Demarest Films/ LipSync Productions
Directed by Neil Jordan
Reviewed by Anthony Francis
Neil Jordan is a filmmaker whom I admire and one who frustrates me from film to film. He is a fine director and has made a couple of excellent films that are true classics but throughout the years he has been courted by Hollywood and his work since then has been hit and miss.
His first film of note is a true sleeper in the horror community. The Company of Wolves is a nice take on the Red Riding Hood legend and features some great transformations. He followed that up by creating one of the finest character dramas ever made, Mona Lisa.
Hollywood came calling and he made another horror film, albeit a comedy, the travesty that was High Spirits; an ill-conceived comedic ghost story that was a massive disappointment. Still in Hollywood he did another big budget flop, the remake of We’re No Angels starring Robert DeNiro and Sean Penn. The film was another travesty.
Returning to his independent style he gave us the masterpiece character thriller, The Crying Game. Jordan had his first major box office smash and the respect of the film world.
The director wanted to return to his horror roots and was chosen to helm the massive production that was to become Interview With the Vampire. It was a huge smash and received mostly positive reviews. I feel the film is flawed but very good and has many fine horror elements. With that film, I feel that Neil Jordan was primed to become a major force on the horror scene.
He gave up on horror and straddled Hollywood and indie film, always producing better product outside of studio interference. His 2010 fable Ondine, about a man who falls in love with a mermaid, was a wonderful film as was his 1999 drama The End of the Affair, but his 2007 female Death Wish wannabe The Brave One was the worst film of his career. He made a small return to horror with 1997’s In Dreams but it is almost laughably bad.
Now, almost 20 years after his last foray into horror films, Neil Jordan gives us the new vampire film Byzantium. The buzz and excitement surrounding this film was high. Everyone was anxious to see the new horror film from a man who, while only making a few, has excelled in the genre.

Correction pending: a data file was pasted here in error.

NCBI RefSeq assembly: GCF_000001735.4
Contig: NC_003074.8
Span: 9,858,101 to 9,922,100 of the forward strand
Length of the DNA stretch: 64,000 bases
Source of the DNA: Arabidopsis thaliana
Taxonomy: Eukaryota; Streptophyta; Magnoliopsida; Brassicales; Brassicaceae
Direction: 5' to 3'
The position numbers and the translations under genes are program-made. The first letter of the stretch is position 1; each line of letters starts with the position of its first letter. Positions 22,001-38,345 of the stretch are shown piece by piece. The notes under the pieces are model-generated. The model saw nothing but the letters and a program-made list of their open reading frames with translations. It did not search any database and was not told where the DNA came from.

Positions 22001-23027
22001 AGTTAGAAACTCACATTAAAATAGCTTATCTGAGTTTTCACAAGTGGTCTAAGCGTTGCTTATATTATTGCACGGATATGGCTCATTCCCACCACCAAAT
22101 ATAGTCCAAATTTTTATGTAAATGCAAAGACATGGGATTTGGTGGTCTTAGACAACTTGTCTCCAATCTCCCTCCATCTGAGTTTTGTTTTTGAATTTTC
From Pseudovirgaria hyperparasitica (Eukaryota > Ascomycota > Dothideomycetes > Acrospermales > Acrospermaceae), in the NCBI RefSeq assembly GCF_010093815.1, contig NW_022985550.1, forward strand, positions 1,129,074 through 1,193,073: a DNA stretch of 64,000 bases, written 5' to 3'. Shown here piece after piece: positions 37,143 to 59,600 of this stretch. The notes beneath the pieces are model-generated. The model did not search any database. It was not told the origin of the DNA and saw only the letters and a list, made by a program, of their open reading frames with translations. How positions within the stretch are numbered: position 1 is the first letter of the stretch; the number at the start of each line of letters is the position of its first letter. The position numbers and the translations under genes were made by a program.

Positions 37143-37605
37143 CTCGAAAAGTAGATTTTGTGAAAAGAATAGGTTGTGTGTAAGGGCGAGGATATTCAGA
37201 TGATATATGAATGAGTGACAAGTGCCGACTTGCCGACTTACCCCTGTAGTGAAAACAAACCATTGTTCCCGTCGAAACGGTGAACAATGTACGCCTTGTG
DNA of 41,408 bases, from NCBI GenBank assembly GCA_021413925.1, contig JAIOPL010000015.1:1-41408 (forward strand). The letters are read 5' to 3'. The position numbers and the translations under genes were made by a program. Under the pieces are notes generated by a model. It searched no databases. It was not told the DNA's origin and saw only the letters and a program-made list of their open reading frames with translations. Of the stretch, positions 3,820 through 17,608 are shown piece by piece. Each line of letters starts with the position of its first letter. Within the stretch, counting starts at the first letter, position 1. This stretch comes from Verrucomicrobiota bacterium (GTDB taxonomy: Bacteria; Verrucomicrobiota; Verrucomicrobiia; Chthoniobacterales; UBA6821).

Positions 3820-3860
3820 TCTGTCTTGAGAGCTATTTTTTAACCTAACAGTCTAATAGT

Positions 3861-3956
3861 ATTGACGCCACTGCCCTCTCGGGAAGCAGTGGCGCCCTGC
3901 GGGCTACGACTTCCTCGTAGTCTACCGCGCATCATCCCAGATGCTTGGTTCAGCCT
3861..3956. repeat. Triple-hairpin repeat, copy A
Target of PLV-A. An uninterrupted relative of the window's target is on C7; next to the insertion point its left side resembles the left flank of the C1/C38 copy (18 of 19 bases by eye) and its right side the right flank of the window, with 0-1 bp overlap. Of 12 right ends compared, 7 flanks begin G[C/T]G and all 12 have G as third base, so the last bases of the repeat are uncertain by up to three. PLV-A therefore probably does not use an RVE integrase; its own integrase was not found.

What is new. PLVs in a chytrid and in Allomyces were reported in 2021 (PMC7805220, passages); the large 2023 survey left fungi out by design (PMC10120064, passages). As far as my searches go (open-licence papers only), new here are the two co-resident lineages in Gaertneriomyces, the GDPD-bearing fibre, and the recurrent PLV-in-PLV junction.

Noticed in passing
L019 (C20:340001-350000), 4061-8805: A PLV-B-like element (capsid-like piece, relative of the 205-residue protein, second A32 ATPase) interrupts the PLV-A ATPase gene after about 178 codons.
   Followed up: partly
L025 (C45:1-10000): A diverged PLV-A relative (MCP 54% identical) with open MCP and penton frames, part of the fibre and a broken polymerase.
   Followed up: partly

The verdict is fifty/fifty. Byzantium has atmosphere to spare and has a good creepy look. It has an interesting story and is well cast. However, the film crawls at a snail’s pace in almost every moment and our attention never peaks, as it should.
Clara, Gemma Arterton, and Eleanor Saoirse Ronan, are 200-year-old vampires on the run from an all male vampire clan called The Brotherhood. Clara runs a brothel out of the hotel Byzantium while Eleanor befriends a sickly youth named Frank.
All of the characters from vampire to human are written and played with such a sense of dread that any enjoyment or empathy is not to be found from the audience. In Interview With the Vampire, Jordan gave the somber proceedings an elegant look and feel. Here the film is cold and dreary and lacking in emotion.
The leads are good, especially Ronan, but are not given enough depth to fully develop on screen. The film wants the screenplay to dictate the tragedies early and then carry them through the film on the characters faces. Dialogue is sparse and it hurts the film. The backstories of these two vampires, and the vampires who are after them, are rather interesting and shape the fates of these characters. Unfortunately for the film, it is not enough to see the pain, fear, and longing on the faces of our leads. We needed more verbal interaction.
Structurally the film is uneven. The modern sequences, while needing more dialogue, work and are interesting. Clara’s over protectiveness is leading to their doom but Eleanor is unable to stop it. Dramatically it is very intriguing but it is never fully explored.
The flashback sequences in the 19th century give us a good backstory as to how this all happened but are sluggishly paced and overacted by the British actor Johnny Lee Miller. These scenes make us long for the extravagance and quality of Jordan’s superior Interview With the Vampire.
Byzantium is so close to being a good horror film that it is frustrating. It just doesn’t have enough forward momentum. It sets up its premise and characters but stalls out just when it should get going. The narrative is too broken to keep us involved.
Neil Jordan is a fine filmmaker and I will always see his work, especially his horror films. Byzantium is a return to his horror roots but falls short of its promise. It is a slow, drawn out, failure.
2 out of 5
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